March 12 Peace Love Activism

March 12 Peace Love Activism

Immigration History

Exclusion Act

March 12 Peace Love Activism

March 12, 1888: six years after the Exclusion Act (May 6, 1882) the Chinese government agreed to its fundamental principles. Under pressure from the U.S., the Chinese signed a treaty agreeing not to allow any laborers to immigrate to America. Only in 1943, when China became a valuable ally in the war against Japan, did the U.S. finally abandon this policy. (LH, see August 29, 1889; IH, see January 1, 1892)

US Labor History

Feminism

March 12 Peace Love Activism

March 12, 1912: the Lawrence, Mass., "Bread and Roses" textile strike ended when the American Woolen Co. agreed to most of the strikers’ demands, (LH, see June 4; Feminism, see March 3, 1913)
Oregon Steel Mills, Inc.
March 12, 2004: steelworkers approved a settlement with Oregon Steel Mills, Inc and its CF & I Steel subsidiary, ending the longest labor dispute in the USWA’s history and resulting in more than $100 million in back pay for workers. (see Jul 15)

Cold War

March 12, 1947: in a speech to a joint session of Congress, President Harry S. Truman asked for U.S. assistance for Greece and Turkey to forestall communist domination of the two nations. Historians have often cited Truman's address, which came to be known as the Truman Doctrine, as the official declaration of the Cold War. (see Mar 21)

BLACK HISTORY

School Desegregation

March 12 Peace Love Activism

March 12, 1956: ninety-six U.S. congressmen from eleven southern states signed the “Southern Manifesto,” a pledge to resist the Supreme Court’s Brown v. Board of Education decision, which declared segregated schools unconstitutional (May 17, 1954). Notably, three Southern Senate Democrats did not sign the Manifesto: Sen. Estes Kefauver (D–Tennessee); Sen. Albert Gore, Sr. (D–Tennessee), father of future Vice President Al Gore, Jr.; and most important, Sen. Lyndon B. Johnson (D–Texas). Historians believe that Johnson’s refusal to sign was an indication of his ambitions to become president of the U.S. and his need to disavow segregation.  (BH, see March 13; SD, see February 20, 1958)

Albany Movement

March 12, 1963: in Albany, GA, five Black high school-age girls were turned away from two white theaters by the assistant manager of the chain. “We don’t want your business,” the manager told them. (see March 13)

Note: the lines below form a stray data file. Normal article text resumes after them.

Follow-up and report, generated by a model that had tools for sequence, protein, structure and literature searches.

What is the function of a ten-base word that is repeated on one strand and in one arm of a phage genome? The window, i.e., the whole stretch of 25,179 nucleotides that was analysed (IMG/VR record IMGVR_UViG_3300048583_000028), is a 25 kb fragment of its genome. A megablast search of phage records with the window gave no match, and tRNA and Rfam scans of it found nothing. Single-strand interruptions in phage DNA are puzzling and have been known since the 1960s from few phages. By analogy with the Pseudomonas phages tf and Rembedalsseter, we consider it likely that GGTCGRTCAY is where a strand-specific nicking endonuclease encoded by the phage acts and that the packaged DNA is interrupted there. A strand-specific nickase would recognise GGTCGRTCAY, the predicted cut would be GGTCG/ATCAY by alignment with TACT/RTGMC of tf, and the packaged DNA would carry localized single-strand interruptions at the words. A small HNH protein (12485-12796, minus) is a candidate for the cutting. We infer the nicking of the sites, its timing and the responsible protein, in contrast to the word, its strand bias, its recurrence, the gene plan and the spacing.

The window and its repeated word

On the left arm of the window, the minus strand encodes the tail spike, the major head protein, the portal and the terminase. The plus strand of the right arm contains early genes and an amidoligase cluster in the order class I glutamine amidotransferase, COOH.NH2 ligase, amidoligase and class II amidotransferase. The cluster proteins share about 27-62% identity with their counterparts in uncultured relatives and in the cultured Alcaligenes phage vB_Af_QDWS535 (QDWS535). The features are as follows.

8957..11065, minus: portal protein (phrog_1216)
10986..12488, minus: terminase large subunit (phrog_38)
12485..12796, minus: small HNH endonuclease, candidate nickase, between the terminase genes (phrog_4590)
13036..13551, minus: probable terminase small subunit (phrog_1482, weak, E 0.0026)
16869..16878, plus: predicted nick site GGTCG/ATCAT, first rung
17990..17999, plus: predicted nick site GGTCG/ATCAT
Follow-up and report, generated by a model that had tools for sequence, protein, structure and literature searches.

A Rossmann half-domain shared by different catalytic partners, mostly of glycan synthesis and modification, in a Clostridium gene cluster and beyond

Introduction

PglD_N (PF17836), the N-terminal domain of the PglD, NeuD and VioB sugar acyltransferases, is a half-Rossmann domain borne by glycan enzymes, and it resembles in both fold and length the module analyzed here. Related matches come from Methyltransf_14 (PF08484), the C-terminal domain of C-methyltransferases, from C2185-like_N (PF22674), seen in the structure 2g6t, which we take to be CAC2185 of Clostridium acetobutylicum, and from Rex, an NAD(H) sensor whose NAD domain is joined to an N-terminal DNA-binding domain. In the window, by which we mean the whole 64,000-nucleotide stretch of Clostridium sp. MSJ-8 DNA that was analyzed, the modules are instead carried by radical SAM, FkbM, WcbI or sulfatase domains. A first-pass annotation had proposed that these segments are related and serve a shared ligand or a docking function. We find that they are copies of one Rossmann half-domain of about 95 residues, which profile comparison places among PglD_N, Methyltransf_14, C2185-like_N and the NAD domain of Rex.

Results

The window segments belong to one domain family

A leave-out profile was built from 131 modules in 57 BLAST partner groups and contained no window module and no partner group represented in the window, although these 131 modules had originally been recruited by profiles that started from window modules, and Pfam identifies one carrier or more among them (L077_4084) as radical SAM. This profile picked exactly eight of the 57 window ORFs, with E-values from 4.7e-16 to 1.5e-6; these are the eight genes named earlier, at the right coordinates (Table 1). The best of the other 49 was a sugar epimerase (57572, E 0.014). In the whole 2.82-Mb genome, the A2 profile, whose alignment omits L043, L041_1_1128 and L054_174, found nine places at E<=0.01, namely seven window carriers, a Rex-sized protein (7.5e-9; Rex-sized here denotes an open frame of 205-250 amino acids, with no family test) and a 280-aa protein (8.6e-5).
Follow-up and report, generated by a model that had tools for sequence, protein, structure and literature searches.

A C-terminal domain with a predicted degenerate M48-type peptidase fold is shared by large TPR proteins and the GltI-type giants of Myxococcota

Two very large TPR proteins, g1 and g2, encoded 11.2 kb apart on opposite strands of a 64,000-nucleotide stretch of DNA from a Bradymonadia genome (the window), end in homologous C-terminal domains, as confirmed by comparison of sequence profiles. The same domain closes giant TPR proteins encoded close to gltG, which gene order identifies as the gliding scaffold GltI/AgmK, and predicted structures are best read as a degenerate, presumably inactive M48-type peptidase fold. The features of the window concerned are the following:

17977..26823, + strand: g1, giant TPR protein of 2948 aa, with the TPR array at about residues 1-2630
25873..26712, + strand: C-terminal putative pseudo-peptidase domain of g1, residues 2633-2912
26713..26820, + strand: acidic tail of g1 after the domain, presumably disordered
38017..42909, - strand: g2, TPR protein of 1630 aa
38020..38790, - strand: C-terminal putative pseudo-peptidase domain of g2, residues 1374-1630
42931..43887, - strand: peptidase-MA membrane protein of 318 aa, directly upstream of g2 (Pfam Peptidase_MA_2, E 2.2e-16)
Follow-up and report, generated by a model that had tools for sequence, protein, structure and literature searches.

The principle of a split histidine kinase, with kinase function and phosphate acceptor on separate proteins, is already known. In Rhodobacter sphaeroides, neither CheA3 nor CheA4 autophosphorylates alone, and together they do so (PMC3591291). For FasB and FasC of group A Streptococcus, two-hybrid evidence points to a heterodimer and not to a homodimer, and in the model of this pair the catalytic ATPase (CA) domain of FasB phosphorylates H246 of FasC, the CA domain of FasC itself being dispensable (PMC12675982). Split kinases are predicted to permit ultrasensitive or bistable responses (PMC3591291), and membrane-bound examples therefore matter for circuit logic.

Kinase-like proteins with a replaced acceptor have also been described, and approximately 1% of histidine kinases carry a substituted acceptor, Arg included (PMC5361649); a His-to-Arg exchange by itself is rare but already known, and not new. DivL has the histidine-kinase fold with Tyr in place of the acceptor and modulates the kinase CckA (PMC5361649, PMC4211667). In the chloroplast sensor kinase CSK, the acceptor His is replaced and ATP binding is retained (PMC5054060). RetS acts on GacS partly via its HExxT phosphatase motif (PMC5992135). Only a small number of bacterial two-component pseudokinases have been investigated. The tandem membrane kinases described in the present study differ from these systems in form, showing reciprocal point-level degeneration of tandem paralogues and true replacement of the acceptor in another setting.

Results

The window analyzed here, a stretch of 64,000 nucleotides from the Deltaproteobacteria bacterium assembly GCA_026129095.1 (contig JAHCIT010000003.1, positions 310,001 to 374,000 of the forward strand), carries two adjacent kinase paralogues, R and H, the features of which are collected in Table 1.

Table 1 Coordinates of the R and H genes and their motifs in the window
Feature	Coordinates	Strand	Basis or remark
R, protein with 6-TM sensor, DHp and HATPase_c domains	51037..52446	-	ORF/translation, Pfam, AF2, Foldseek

Malcolm X
March 12, 1964: though remaining a Muslim, Malcolm X left the Nation of Islam. (BH, see Mar 20; Malcolm X, see Mar 29)
Mississippi Sovereignty Commission

March 12 Peace Love Activism

March 12, 1998: many of the long-sealed records of the Mississippi Sovereignty Commission, a state segregationist spy agency, were opened after a federal judge's order. The records showed that the commission infiltrated civil rights groups, smeared African Americans and, at times, cooperated with members of the Ku Klux Klan. (see May 28)

Vietnam

March 12 – April 15, 1966:  SSgt Barry Sadler’s  Ballads of the Green Beret  the Billboard #1 album. (see Mar 25)

Senator Eugene McCarthy

March 12 Peace Love Activism

March 12, 1968: Senator Eugene McCarthy (D-Minnesota), an outspoken critic of the Johnson administration’s policies in Vietnam, polled 42 percent of the vote in New Hampshire’s Democratic presidential primary. President Lyndon B. Johnson got 48 percent. A Harris poll later showed that anti-Johnson, rather than antiwar, sentiment provided the basis for McCarthy’s surprisingly strong performance. (see Mar 14)
First Australian Task Force
March 12, 1972,: the last remnants of the First Australian Task Force withdrew from Vietnam. The Australian government had first sent troops to Vietnam in 1964 with a small aviation detachment and an engineer civic action team. In May 1965, the Australians increased their commitment with the deployment of the 1st Battalion, Royal Australian Regiment (RAR). The formation of the First Australian Task Force in 1966 established an Australian base of operations near Ba Ria in Phuoc Tuy province. The task force included an additional infantry battalion, a medium tank squadron, and a helicopter squadron, as well as signal, engineer, and other support forces. By 1969, Australian forces in Vietnam totaled an estimated 6,600 personnel. (see Mar 30)

March 12 Music et al

Velvet Underground
March 12, 1967: the Velvet Underground and Nico release first album.

George Harrison and Pattie Boyd
March 12, 1969:  the London drug squad raided George Harrison and Pattie Boyd’s home. Boyd immediately called Harrison who returned to find his home turned upside down. He is reported to have told the officers "You needn't have turned the whole bloody place upside down. All you had to do was ask me and I would have shown you where I keep everything."